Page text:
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Tax on Speculation Could Be Blocked Under TPPA

Tax on Speculation Could Be Blocked Under TPPA

Tax Justice supports the NZ Not For Sale campaign, which is opposing the National-led government’s behind-the-scenes negotiation of the Trans-Pacific Partnership Agreement (TPPA).

“Under the TPPA it would become very difficult to introduce a Financial Transaction Tax in New Zealand, which is one of our campaign goals,” says Vaughan Gunson, Tax Justice campaign coordinator. “Any move to bring in the tax would see government face the prospect of having to pay compensation to global investors.”

“Government decisions that adversely affect the profits of investors from the negotiating countries – Singapore, Chile, Brunei, Australia, Peru, Viet Nam and the United States – could be subject to rulings by international tribunals. That's why the TPPA is such a major threat to the democratic rights of New Zealanders,” says Gunson.

Tax Justice is calling for a Financial Transaction Tax to curb the ability of speculators to make tax-free profits from short-term investments in New Zealand financial markets. The tax would also raise significant government revenue.

“Following the global financial crisis there’s a need to discourage financial speculation, not further open up the New Zealand economy to financial pariahs, which is what will happen if New Zealand signs-on to the TPPA,” says Gunson.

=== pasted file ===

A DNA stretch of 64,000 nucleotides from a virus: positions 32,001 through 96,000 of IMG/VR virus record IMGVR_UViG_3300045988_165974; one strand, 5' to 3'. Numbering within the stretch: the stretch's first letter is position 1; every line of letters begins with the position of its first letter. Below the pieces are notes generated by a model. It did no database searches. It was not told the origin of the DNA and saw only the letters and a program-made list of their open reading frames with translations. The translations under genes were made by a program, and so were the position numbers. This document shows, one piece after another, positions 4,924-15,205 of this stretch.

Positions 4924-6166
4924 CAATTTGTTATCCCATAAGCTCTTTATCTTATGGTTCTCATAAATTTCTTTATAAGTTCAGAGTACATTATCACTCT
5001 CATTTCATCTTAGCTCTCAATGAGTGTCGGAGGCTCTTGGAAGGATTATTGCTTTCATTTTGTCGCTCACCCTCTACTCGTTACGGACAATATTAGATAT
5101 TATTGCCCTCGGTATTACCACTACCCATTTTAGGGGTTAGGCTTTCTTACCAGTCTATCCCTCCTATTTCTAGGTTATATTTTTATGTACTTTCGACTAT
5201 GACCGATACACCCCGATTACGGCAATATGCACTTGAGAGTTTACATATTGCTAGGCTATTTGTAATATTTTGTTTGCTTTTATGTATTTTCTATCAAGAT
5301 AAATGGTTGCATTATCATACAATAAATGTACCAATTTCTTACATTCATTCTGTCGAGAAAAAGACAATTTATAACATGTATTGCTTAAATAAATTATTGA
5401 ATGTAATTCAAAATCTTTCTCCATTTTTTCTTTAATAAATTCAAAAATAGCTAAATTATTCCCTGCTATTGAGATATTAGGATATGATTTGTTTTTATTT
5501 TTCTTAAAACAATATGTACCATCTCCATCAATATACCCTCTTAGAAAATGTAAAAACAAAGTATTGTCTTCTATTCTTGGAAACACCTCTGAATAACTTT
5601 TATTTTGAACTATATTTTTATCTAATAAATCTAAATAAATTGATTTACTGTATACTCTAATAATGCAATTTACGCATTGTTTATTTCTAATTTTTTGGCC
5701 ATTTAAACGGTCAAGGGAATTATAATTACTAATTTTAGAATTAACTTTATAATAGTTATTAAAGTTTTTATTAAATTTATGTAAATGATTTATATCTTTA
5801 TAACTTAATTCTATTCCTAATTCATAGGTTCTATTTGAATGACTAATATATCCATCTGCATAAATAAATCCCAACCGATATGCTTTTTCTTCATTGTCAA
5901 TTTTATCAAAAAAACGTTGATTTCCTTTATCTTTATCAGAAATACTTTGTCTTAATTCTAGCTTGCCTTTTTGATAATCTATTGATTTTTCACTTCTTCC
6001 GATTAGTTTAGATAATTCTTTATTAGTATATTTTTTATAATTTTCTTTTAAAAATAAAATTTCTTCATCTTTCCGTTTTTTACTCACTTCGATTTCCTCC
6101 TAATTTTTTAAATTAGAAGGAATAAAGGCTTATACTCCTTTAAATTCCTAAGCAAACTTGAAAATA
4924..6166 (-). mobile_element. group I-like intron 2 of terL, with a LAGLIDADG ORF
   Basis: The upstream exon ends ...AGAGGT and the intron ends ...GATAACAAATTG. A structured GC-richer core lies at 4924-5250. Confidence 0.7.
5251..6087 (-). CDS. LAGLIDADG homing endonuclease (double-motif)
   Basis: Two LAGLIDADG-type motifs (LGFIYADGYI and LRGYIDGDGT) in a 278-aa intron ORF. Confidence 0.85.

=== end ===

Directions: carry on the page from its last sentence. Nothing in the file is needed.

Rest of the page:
Mr Gunson says momentum is swinging internationally towards a tax on financial transactions that targets the banks, big corporates and the super-rich. In Britain there’s the popular Robin Hood Tax campaign, which is being promoted globally by Oxfam (see http://robinhoodtax.org/).

Earlier this year the European Parliament voted overwhelming in favor of Financial Transaction Tax (see ‘Euro MPs vote for Financial Transaction Tax’, 9 March, http://www.nogstonfood.org/2011/03/10/euro-mps-vote-for-financial-tran /).

In October 2009, Brazil introduced a 2% Financial Transaction Tax on trading of the Brazilian dollar, to stop speculators destabilising the currency.

30,000 New Zealanders have so far signed the Tax Justice petition that calls for a tax on financial speculation and GST to be removed from food. The petition will be presented to parliament before this year’s General Election.

Spokesperson for the NZ Not For Sale campaign, Murray Horton (also of CAFCA), is currently on a nationwide speaking tour. For details go to http://cafcatour.blogspot.com/

For more information on the Tax Justice campaign go to our website www.nogstonfood.org

ENDS

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